Customer service is of course, a your-result-may-vary issue that deeply depends on the complexity of your question or problem.  If you need immediate customer service, you should consider calling E-Trade Bank at 1-800-387-2331, from 7 A.M. to midnight ET.  You can also fax E-Trade Bank at 1-800-664-4641.  Take note that these customer service numbers are different than those of E-Trade Securities.

Overall, E-Trade’s Complete Savings account is a no frills high-yield online savings account.  It’s account opening process was easy to navigate, and they provide you with useful literature and instructions by paper mail once you’ve signed up. The annual percentage yield rate has been competitive with other high-yield savings, thus making rate-chase a lesser issue.

If you’re already an E-Trade brokerage customer, you’ll have instant access to your cash to/from your savings to your brokerage account.  If you’re looking for a new savings account, you should have little issues with E-Trade’s offering — whether you’re a veteran online banking user or a newcomer.

E-Trade Bank Online Savings Review Rating:

Account Opening Process: 5 out of 5

Rate Competitiveness: 4 out of 5

Ease of Use: 4 out of 5

Customer Service: 3 out of 5

Pros:

  • Account opening a breeze. Useful account usage literature provided after sign-up.
  • Rate has been consistent and remains competitive, if not the best at times.
  • Transfer speed is one of the fastest, compared to other high-yield online savings.
  • Perfect for those with an E-Trade Brokerage account for faster fund transfer between savings and investment accounts.

Cons:

  • Customer service via phone is a bit lacking.
  • E-mail customer service is better but response time could be faster.

Related Links and Resources:



Quick Sunday night rant.

Ever have one of those moments in your life where you realize you’re the very definition of gluttony?

After waiting impatiently for over half an hour for the pizza to finish baking in the oven, I quickly took the finished good out of the oven and proceed to stuff a slice into my mouth — and quickly got my tongue burned for being a moron.

To add insult to the stupid injury, my friends decided to invite me out for a feast the very next day — but my burnt tongue still can’t taste jack doo doo.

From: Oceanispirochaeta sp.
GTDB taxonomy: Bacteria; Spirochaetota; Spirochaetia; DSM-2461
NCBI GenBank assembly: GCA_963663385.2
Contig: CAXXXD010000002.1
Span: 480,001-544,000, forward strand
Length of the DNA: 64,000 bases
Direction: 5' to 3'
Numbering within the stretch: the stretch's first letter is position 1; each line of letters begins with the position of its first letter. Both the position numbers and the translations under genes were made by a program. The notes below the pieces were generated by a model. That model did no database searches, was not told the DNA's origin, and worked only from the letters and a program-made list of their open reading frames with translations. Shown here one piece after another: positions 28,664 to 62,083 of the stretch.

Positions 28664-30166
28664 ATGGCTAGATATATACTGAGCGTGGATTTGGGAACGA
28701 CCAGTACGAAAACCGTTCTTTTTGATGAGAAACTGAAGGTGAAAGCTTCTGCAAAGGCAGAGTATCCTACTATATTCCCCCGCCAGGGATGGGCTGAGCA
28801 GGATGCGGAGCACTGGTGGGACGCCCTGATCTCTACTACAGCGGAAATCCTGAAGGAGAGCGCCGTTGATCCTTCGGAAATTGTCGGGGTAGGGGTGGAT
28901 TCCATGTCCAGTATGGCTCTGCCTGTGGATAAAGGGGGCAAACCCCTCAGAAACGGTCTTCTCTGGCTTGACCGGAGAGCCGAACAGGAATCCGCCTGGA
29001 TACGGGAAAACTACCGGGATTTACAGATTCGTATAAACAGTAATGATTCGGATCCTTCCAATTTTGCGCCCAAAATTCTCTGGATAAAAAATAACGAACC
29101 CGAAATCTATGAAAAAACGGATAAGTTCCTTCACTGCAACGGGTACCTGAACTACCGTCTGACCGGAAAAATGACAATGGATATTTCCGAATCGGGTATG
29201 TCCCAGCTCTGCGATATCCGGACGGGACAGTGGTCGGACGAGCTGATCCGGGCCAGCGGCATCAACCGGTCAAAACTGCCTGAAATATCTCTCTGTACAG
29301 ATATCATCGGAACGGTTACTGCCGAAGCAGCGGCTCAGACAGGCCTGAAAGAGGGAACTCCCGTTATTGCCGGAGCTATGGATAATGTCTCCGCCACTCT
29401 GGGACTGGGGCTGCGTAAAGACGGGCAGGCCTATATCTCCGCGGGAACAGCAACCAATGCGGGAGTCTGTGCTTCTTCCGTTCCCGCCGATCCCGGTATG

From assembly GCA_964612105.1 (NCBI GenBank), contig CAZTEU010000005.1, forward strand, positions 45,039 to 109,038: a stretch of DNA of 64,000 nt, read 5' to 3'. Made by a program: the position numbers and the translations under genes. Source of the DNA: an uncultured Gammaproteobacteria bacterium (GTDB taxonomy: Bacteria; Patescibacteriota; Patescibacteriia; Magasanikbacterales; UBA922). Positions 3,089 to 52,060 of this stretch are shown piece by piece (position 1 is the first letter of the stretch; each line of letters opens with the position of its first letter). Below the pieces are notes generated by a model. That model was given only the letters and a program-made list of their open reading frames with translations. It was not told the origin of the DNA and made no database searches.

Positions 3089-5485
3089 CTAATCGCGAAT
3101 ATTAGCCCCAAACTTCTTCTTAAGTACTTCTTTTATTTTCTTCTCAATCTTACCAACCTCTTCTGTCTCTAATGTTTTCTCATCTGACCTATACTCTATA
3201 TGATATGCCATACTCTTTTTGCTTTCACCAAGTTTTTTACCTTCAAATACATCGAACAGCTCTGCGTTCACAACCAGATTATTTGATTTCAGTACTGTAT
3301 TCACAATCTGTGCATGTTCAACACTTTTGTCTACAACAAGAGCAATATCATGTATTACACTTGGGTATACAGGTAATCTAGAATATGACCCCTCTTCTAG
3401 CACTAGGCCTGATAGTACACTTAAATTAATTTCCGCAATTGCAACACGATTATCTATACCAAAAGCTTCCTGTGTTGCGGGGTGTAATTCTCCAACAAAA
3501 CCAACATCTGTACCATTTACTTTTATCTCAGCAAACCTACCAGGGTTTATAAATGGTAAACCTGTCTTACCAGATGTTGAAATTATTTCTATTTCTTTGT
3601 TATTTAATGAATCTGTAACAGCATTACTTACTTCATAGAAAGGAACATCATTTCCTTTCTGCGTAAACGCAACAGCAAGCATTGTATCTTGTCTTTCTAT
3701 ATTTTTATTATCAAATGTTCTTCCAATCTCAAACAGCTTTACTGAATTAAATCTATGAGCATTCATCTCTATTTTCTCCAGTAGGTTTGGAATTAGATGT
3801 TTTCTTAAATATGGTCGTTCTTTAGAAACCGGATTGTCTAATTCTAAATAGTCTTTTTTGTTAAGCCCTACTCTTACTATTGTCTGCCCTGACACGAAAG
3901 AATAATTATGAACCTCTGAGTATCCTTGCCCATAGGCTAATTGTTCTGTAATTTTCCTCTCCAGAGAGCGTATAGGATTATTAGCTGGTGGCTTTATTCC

Oh, the shame.



Kiplinger’s Personal Finance just recently published their November rankings on the best online brokers, judging each brokers by their tools, commission cost (based on accounts with $50,000), investment choices, ease of use, and customer service.

Here’s the list of best online discount brokers, ranked by best to worst:

Online Broker Commission Cost Research and Tools Commission and Fees Investment Choices Ease of Use Customer Service
Fidelity $10.95 5 / 5 2 / 5 5 / 5 5 / 5 4 / 5
Charles Schwab $12.95 5 / 5 1/ 5 5 / 5 3 / 5 3 / 5
Muriel Siebert $14.95 3 / 5 3 / 5 4 / 5 4 / 5 3 / 5
TradeKing $4.95 3 / 5 3 / 5 3 / 5 1 / 5 5 / 5
E*TRADE $9.99 4 / 5 2 / 5 4 / 5 4 / 5 1 / 5
Optionshouse $4.95 2 / 5 5 / 5 2 / 5 2 / 5 4 / 5
TD Ameritrade $9.88 3 / 5 1 / 5 1 / 5 3 / 5 5 / 5
WellsTrade 100 free per year 2 / 5 4 / 5 2 / 5 3 / 5 2 / 5
Firstrade $6.95 1 / 5 4 / 5 3 / 5 2 / 5 2 / 5
OptionsXpress $14.95 2 / 5 2 / 5 3 / 5 2 / 5 1 / 5
Zecco 10 free per month 1 / 5 4 / 5 1 / 5 1 / 5 3 / 5
Scottrade $7 1 / 5 3 / 5 3 / 5 2 / 5 1 / 5

Your choice of brokers will really depend on how comfortable you are with certain aspect of investing.  For example, if you like to manually crunch your own numbers to spit out Schedule D, then you wouldn’t need any special tax tools from your discount broker. On the other hand, if calculating your cost basis gives you headache, then you may want brokers will more involved tools.

Kiplinger also judged each broker on ease of use, and I was actually surprised that Fidelity got 5 out of 5 stars, as I find the interface requiring a bit of digging, but maybe that’s just me. It was no surprise though for TradeKing to receive 5 out of 5 stars for customer service, as TradeKing always promptly respond to any of my questions regarding trades (even when I made the mistakes myself – hah).

As for the other discount broker on the list that I also use, Zecco’s rating was pretty spot on. However, depending on your investment requirements, Zecco’s low cost can be a good choice.

At the end though, I believe most people will have multiple accounts at various discount brokers. Usually a central location for their IRA, 401k, and other supplement accounts for making various type of individual stock trades and options speculations (hah).

Related Links:

  • TradeKing – SmartMoney #1 Discount Broker
  • E*Trade – 100 Commission Free Trade
  • Zecco – $4.50 per trade plus 10 free trade per month*